5 Scenic Treasures of Ireland

Ireland is one of the most lush, beautiful countries in the world. Its quiet pace and the warm, friendly manner of the Irish people are sure to draw you in. Whether you are traveling with your family, a solo backpacker or a couple on a romantic getaway, there is no place like Ireland to captivate your fancy. Filled with ancient mystique and bright green landscape, these hidden treasures are some of Ireland’s most unique, unspoilt places.

Connemara

Photo by Raphael SchönPerhaps Ireland’s most starkly beautiful place, Connemara is full of bluff landscapes and rocky beaches. Situated on the northwest coast of Ireland, in County Galway, Connemara is a “Gaeltacht” area where the Irish language is still spoken by the locals. In the town of Clifden, you can experience traditional Irish food and purchase hand knitted jumpers made from the wool of Connemara sheep! Kylemore Abbey, near Letterfrack, is a Benedictine monastery and one of Ireland’s most ornate architectural gems, while Killary Fjord is Ireland’s only natural fjord and offers spectacular views. The best time to visit is in early summer before the tourist crowds start, or in late autumn when the leaves are turning brilliant colors!

Curracloe Beach

Photo by Michael OsmendaSet in County Wexford beyond sloping sand dunes is the majestic Curracloe Strand, voted one of the best beaches in Ireland. The Irish Sea meets land at Curracloe Beach with crashing waves along the lengthy, sandy shore. In the summertime, families and friends go sunning and swimming here, while the winter is more desolate and striking. The far end of Curracloe Beach was the filming site for the Normandy scene in the film Saving Private Ryan, and it takes no imagination to see how this outstanding shoreline has been a regular winner of the Blue Flag Beach award.

Cliffs of Moher

Photo by Allan HendersonThe Cliffs of Moher are quite simply awe-inspiring. When we imagine the rugged West Coast of Ireland, the Cliffs of Moher in County Clare are exactly what come to mind. Sheer rock drops from windy heights into the craggy, unforgiving sea below. There is no best time of year to view the Cliffs of Moher, as the newly built Cliffs of Moher Visitors Centre and viewing platform that makes them accessible year-round. Summertime is the busiest, and you may find yourself shoving for the best views, while winter is quieter but often features very high winds, rain and low visibility. The price of one car offers unlimited entry for everyone in the vehicle. The visitors’ center, which is carved into the hillside, is worth a look and tickets can be purchased for an extra fee.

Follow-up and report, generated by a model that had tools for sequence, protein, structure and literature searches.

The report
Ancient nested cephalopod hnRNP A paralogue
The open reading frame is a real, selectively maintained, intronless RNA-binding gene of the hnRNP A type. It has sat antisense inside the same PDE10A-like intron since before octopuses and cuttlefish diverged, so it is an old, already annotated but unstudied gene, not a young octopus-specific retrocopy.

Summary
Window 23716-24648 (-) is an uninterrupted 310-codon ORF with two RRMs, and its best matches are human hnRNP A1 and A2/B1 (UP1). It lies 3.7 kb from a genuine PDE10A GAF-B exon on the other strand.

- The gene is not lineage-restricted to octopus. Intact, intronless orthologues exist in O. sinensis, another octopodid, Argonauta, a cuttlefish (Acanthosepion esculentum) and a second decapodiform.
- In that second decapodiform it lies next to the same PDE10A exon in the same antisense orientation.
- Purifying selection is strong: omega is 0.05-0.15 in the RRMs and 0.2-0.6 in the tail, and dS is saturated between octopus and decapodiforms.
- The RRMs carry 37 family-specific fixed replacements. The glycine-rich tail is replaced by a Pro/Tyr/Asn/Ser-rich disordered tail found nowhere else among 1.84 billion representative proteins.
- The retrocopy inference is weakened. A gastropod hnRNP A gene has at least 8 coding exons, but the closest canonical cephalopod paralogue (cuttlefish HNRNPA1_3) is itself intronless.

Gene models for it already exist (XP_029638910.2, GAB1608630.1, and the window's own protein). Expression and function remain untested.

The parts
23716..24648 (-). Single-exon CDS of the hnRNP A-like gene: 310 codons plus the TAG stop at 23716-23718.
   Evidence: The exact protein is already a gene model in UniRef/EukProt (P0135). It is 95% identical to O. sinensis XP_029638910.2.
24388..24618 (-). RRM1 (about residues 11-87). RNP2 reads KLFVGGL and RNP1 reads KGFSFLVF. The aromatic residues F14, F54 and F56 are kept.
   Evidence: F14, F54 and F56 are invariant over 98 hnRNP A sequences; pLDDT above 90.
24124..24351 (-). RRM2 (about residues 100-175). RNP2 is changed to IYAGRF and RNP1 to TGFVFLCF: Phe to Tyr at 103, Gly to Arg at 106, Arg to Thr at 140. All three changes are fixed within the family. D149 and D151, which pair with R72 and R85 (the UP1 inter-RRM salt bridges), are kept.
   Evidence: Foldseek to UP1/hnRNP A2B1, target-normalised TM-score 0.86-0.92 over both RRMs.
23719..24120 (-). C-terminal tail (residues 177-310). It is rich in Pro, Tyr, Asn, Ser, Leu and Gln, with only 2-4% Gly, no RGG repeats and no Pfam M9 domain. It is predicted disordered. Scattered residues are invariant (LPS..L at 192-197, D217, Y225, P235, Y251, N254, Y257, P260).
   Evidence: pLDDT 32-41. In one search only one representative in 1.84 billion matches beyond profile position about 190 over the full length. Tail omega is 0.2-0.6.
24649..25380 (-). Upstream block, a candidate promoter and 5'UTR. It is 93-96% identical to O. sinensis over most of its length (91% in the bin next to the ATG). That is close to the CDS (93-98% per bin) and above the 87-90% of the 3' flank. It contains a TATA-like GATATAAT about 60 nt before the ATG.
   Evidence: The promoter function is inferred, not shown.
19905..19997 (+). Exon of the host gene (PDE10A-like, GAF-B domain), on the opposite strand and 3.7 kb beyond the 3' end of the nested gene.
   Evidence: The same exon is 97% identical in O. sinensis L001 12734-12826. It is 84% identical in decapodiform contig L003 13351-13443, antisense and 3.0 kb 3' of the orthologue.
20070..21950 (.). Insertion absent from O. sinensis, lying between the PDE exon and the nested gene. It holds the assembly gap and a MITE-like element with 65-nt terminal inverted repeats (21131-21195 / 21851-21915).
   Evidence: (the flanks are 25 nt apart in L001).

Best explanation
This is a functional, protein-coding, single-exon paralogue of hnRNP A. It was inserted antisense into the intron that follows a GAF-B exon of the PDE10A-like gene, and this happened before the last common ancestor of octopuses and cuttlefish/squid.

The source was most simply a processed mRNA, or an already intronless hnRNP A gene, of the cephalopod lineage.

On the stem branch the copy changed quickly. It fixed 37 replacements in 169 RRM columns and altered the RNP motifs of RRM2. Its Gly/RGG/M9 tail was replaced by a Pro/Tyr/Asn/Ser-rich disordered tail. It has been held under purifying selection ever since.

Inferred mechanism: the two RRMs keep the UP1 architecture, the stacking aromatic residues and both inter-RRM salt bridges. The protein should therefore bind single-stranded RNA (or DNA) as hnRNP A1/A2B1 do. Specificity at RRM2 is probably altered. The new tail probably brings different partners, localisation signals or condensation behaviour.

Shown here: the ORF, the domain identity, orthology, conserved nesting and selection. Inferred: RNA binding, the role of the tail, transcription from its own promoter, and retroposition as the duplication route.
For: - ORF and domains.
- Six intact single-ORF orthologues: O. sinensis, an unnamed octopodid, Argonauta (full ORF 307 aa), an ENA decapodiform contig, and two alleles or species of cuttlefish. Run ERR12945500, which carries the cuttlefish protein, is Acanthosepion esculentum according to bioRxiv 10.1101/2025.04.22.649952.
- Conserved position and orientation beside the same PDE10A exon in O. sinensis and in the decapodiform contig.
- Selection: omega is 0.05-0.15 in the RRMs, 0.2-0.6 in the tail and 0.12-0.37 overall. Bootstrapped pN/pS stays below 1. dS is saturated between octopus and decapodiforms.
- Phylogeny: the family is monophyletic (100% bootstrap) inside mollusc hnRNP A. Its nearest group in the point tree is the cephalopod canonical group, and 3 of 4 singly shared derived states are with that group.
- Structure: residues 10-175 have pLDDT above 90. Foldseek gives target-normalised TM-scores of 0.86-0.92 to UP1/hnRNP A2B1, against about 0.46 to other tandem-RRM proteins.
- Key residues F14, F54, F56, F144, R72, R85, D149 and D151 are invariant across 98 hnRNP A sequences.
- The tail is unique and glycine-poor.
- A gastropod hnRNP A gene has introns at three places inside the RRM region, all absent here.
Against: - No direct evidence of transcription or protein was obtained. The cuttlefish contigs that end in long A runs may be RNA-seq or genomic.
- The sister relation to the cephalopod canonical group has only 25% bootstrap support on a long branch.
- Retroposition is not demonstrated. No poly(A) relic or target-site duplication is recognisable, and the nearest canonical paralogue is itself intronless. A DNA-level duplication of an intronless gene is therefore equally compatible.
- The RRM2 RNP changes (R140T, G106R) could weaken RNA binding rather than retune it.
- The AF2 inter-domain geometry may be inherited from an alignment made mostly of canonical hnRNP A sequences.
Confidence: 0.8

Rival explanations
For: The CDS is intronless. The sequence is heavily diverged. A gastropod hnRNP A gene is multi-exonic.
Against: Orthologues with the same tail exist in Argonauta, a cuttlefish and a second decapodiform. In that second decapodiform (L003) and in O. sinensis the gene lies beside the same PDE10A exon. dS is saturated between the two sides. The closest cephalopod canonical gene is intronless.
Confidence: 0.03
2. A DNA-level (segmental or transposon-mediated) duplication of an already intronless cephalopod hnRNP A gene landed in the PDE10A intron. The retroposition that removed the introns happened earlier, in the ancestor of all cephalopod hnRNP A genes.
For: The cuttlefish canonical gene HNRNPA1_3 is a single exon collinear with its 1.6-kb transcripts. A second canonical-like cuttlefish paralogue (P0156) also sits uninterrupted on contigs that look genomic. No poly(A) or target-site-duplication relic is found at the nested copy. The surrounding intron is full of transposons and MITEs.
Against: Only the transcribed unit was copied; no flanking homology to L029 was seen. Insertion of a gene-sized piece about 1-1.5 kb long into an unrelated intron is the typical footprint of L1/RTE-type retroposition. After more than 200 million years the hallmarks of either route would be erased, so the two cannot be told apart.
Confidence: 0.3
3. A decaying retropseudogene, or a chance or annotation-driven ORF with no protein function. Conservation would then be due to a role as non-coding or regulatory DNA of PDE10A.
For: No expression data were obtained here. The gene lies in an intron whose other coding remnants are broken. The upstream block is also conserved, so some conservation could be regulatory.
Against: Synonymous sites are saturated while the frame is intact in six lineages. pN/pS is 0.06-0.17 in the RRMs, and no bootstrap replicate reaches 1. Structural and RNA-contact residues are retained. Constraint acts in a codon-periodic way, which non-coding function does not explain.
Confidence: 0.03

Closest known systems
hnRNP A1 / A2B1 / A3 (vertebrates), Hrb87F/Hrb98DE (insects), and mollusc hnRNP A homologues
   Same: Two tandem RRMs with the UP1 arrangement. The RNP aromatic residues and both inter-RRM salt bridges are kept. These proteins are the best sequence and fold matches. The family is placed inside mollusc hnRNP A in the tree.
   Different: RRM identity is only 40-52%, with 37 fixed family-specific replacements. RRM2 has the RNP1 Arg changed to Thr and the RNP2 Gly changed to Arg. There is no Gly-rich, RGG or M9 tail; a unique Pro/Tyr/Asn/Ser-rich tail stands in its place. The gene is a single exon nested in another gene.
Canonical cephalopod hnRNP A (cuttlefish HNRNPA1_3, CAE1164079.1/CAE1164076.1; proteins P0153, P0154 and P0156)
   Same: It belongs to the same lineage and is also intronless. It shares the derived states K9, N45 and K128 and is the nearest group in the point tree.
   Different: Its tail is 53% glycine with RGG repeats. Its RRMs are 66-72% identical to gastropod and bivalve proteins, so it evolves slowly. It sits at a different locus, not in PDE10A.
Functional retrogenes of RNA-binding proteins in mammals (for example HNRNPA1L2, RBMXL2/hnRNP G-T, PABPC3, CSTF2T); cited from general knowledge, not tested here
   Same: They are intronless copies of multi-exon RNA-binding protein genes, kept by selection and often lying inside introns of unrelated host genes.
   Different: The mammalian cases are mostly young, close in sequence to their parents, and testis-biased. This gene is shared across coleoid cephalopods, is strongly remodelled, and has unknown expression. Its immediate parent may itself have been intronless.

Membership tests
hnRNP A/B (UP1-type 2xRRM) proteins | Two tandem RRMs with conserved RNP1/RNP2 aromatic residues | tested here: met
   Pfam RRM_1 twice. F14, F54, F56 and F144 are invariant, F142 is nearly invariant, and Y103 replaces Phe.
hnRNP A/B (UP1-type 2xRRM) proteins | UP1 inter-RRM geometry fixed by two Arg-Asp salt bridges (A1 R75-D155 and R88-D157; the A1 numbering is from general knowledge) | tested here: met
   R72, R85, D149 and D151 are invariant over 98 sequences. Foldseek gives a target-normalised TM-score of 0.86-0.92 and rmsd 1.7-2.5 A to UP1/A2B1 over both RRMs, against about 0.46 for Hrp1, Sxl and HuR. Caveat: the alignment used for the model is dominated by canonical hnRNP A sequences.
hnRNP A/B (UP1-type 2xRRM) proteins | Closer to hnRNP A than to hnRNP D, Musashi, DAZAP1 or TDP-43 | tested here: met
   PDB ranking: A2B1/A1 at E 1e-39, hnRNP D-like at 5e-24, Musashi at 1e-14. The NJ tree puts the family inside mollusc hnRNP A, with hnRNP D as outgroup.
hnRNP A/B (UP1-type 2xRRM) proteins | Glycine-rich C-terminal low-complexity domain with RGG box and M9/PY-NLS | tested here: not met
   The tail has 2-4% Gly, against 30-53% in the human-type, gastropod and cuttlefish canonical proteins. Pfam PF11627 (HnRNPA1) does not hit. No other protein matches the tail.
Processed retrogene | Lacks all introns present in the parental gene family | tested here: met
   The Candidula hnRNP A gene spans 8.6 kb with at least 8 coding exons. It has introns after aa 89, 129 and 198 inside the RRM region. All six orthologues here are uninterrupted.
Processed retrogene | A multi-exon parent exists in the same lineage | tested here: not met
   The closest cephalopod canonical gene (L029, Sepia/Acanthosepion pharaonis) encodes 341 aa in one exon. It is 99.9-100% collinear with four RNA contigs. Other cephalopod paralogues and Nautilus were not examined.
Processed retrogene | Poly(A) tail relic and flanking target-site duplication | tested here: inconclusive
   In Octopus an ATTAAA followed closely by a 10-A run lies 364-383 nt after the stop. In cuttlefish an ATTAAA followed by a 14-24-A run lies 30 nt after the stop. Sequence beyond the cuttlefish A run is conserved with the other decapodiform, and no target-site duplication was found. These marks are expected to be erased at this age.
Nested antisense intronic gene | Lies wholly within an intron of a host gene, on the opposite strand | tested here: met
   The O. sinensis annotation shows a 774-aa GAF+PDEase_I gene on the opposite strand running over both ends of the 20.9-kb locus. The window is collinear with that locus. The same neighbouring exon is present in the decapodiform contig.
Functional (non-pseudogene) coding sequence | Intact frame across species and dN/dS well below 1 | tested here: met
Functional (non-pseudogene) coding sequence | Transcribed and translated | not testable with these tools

Strandhill Beach

Photo by Flickr user atomicpuppy68County Sligo might receive less international tourism than some of Ireland’s other well-known spots, but it is no less scenic. The rural countryside of Sligo has an untamed feel, and its coastline is as breathtaking as any in the world. Strandhill Beach is the most prominent of Sligo’s beaches, as well as the most dangerous. Extreme tides and the rough waves of the Atlantic Ocean make Strandhill Beach a favorite with surfers and ocean-admirers. Strandhill Beach is stuck out at the end of a peninsula south of Sligo Town, and the charming Strandhill Village, where you can find cute beachy shops and quaint pubs for a pint of Guinness and warm, hearty food, encloses the beach itself. The best time to visit is summer when the weather is more reliable and the water is more alluring.

The Burren

Photo by Flickr user fhwrdhPerhaps the most unique place in all of Ireland is The Burren, a rocky Karst landscape in County Clare that overlooks Galway Bay and the Atlantic Ocean. The countryside is made up of rocky limestone fields that have an austere, almost lunar look to them. Although devoid of the greenery that Ireland is famous for, The Burren has an appeal all its own. It is home to dozens of megalithic tombs, cave sites and unusual plant species, and the plethora of traditional Irish music in the area make it a great place to spend a few days exploring. The Burren is viewable all year round, but it is most spectacular at sunset, when the low rays of the sun across the Atlantic Ocean cast an eerie atmosphere over The Burren’s smooth, black rocks.

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